After this the essays become more topical rather than strategic. Andrew Lambert continues his exposition of the influence of Sir Julian Corbett upon naval strategy through education and theory, and Paul Ramsay covers the American side of the equation not through theorists, but by the influence of the practitioner and leader William Sims at the Naval War College in the United States. Duncan Redford examines the influence of “Identity on Sea Power,” and finds the relationship “a massive one.” He provides a fine framework for what one might consider the current crop of identity crises in navies worldwide (with the possible exception of China).
Continuing in this cultural vein, Keizo Kitagawa examines intellectualism regarding the Imperial Japanese Navy and, not surprisingly, finds that disesteem of intellectualism and over-focus on tactics and technologies contributed in some measure to the catastrophe that befell Japan from 1937 to 1945. In this sense, he follows in the footsteps of Sadao Asada’s pioneering work on the Imperial Japanese Navy of the interwar period, especially in From Mahan to Pearl Harbor.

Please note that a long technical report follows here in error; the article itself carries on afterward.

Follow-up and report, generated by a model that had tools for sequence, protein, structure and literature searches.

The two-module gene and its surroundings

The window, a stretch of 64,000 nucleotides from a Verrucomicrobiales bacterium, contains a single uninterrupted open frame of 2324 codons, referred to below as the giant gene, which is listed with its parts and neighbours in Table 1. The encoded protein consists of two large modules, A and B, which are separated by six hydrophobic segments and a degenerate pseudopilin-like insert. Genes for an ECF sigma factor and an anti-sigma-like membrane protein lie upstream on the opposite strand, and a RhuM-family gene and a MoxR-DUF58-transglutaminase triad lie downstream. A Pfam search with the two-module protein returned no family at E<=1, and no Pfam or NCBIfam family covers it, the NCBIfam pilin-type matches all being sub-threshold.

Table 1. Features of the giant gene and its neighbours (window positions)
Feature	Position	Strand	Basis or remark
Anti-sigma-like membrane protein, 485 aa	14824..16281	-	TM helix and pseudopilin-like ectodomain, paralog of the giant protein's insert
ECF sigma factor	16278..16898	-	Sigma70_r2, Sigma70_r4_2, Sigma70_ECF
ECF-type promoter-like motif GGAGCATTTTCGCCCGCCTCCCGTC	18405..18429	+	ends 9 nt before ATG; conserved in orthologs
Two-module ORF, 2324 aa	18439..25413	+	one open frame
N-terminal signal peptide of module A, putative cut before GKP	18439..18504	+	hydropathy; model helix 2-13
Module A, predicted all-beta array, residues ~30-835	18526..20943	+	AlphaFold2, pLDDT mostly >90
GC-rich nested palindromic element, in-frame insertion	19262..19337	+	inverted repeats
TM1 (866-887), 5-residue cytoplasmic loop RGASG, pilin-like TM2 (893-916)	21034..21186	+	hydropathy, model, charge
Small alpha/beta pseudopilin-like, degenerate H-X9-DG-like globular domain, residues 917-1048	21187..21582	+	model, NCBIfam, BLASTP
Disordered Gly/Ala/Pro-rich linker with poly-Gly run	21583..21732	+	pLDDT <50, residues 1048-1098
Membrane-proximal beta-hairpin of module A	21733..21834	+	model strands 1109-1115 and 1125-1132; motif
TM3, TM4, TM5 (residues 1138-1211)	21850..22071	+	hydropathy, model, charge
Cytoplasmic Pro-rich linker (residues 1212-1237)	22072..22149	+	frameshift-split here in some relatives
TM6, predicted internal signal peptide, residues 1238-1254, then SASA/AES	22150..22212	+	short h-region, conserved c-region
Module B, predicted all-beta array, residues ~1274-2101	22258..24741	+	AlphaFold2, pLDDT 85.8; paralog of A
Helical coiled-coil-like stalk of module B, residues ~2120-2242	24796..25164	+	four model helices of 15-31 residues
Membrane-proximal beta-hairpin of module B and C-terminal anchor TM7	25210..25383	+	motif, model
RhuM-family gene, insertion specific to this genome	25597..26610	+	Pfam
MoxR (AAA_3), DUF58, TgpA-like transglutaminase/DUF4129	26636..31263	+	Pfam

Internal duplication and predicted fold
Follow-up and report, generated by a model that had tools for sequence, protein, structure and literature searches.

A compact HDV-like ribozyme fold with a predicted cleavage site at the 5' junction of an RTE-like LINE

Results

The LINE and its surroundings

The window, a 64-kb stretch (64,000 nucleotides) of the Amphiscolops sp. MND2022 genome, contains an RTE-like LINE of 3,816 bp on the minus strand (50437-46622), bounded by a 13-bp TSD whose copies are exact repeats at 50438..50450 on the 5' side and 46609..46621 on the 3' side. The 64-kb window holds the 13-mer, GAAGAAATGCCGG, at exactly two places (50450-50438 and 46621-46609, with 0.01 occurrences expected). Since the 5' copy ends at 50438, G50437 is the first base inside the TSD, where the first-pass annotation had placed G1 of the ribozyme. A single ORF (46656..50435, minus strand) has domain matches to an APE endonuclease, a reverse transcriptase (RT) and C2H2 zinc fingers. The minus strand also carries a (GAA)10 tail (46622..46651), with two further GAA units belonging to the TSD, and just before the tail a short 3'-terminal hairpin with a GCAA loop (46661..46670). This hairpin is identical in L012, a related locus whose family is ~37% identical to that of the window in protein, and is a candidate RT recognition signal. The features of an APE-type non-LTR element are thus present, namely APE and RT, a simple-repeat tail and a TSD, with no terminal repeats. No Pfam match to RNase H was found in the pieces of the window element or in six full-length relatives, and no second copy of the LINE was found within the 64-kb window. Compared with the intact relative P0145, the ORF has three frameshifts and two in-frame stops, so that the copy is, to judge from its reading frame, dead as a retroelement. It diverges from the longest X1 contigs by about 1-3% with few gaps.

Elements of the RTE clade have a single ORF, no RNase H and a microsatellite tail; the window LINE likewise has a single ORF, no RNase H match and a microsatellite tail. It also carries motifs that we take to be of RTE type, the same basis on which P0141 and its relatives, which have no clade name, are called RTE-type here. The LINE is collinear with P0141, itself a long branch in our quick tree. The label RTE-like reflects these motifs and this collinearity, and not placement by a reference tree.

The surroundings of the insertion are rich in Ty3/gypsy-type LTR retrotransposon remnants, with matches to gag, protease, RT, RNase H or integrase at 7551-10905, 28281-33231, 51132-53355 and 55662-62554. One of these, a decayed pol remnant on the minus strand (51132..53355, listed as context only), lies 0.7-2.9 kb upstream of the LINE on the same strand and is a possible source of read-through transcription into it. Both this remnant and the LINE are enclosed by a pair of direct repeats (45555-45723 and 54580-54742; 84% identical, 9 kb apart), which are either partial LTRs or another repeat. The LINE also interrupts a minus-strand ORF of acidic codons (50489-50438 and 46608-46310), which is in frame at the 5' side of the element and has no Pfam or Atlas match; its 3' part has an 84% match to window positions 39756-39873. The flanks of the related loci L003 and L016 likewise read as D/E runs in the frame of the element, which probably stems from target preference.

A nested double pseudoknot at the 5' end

Some of the biggest names come toward the end of the collection. Retired Australian Rear Admiral and historian James Goldrick, following to some degree in the footsteps of Mahan, examines History and its relationship to navies as institutions. The venerable Geoffrey Till follows in support with an examination of how navies as institutions perhaps should teach their history to themselves, placing a premium on honesty rather than the approach we often find, a neglect of naval history altogether and its utility to modern naval strategists. Till closes with good advice for historians, writing that they should not insulate themselves from naval strategists (usually naval officers), but that it is their duty to help them. Perhaps Clausewitz would concur, his chapter in Book Two of On War treating the utility of historical examples preceding immediately his Book Three “On Strategy.”